Immigrants don’t have to prove they meet DREAM Act criteria to avoid charges, ICE union chief says
A top union official for Immigration and Customs Enforcement (ICE) officers said Thursday that President Barack Obama’s administration has ordered ICE agents to blindly — and without any evidence — believe illegal immigrants if they claim they qualify for Obama’s administrative DREAM Act.
Chris Crane, president of the National Immigration and Customs Enforcement Council, explained at a press conference on Capitol Hill Thursday afternoon how the new selective immigration law enforcement policy Obama announced during a White House Rose Garden speech in June is affecting the officers he represents.
“As we still wait on detailed guidance from the administration, it’s impossible to understand the full scope of the administration’s changes, but what we’ve seen so far concerns us greatly,” Crane, said. “As one example, prosecutorial discretion for DREAMers is solely based on the individual’s claims. Our orders are: If an alien says they went to high school, then let them go. If they say they have a GED, then let them go.”
“Officers have been told that there is no burden for the alien to prove anything,” he continued. “Even with the greatly relaxed policies, the alien is not required to prove that they meet any of the new criteria.”
ICE officers are often called in after local and state law enforcement officials arrest a person and find that he or she is an illegal immigrant. ICE officers also conduct their own investigations and detain suspected illegal immigrants independent of other law enforcement. Normally, if the immigrant is found to be in the country illegally, ICE would bring federal charges against him, possibly leading to deportation.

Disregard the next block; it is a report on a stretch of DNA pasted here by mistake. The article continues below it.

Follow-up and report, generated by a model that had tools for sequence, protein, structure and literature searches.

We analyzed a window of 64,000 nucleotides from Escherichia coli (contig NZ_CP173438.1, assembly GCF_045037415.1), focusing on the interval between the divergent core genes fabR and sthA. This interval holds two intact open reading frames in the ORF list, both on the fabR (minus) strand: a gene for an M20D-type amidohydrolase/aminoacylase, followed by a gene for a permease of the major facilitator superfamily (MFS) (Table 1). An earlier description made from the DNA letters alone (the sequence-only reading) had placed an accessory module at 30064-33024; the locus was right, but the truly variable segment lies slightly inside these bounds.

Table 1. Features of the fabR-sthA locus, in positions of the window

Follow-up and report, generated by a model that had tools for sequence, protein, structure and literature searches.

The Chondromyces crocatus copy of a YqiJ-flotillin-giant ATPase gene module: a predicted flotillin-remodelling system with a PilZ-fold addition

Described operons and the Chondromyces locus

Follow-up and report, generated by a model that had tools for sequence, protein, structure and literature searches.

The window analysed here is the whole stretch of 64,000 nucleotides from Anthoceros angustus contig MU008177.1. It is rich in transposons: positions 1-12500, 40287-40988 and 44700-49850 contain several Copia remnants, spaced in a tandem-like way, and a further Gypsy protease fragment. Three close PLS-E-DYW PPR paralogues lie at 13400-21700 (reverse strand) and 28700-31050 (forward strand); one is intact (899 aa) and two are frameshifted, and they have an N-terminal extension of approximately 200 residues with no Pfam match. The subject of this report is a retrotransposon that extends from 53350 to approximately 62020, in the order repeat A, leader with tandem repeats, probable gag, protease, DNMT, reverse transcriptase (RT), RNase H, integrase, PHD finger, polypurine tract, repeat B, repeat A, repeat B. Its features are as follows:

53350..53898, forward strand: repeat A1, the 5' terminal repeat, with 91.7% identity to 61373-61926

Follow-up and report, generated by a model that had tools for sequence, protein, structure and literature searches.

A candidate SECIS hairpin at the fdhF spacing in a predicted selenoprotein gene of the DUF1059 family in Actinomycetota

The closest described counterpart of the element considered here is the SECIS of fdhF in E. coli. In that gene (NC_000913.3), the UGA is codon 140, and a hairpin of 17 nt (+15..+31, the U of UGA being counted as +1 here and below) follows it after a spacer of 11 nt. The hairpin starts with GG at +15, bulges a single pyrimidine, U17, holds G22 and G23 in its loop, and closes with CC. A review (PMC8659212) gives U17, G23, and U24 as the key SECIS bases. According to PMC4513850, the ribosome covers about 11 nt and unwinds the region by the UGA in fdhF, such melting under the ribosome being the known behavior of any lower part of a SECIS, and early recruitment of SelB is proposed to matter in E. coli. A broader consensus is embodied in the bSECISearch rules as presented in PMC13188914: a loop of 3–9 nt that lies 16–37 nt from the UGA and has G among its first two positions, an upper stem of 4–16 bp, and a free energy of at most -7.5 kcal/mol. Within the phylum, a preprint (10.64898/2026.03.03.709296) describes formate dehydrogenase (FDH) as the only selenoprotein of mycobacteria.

Under the new orders, however, illegals can escape federal charges simply by claiming — whether it’s the truth or not — that they meet the DREAM Act rule’s requirements issued by the Department of Homeland Security (DHS). Crane did not specify who has given his officers these new orders.
The new directive would contradict Homeland Security’s own words in announcing the policy, which said that “only those individuals who can prove through verifiable documentation that they meet these criteria will be eligible for deferred action.
Homeland Security announced in June that it will not go after illegals who came to the U.S. under the age of 16 and are not more than 30 years old; have lived in the U.S. for five straight years; are currently in school or have graduated high school, obtained a GED or been honorably discharged from the military; have not been convicted of a felony or significant misdemeanor and are not a threat to public safety.
“At this point, we don’t understand why DHS even has criteria at all as there is no requirement or burden to prove anything on the part of the alien,” Crane added. “We believe significant numbers of aliens who are not DREAMers are taking advantage of this practice to avoid arrest.”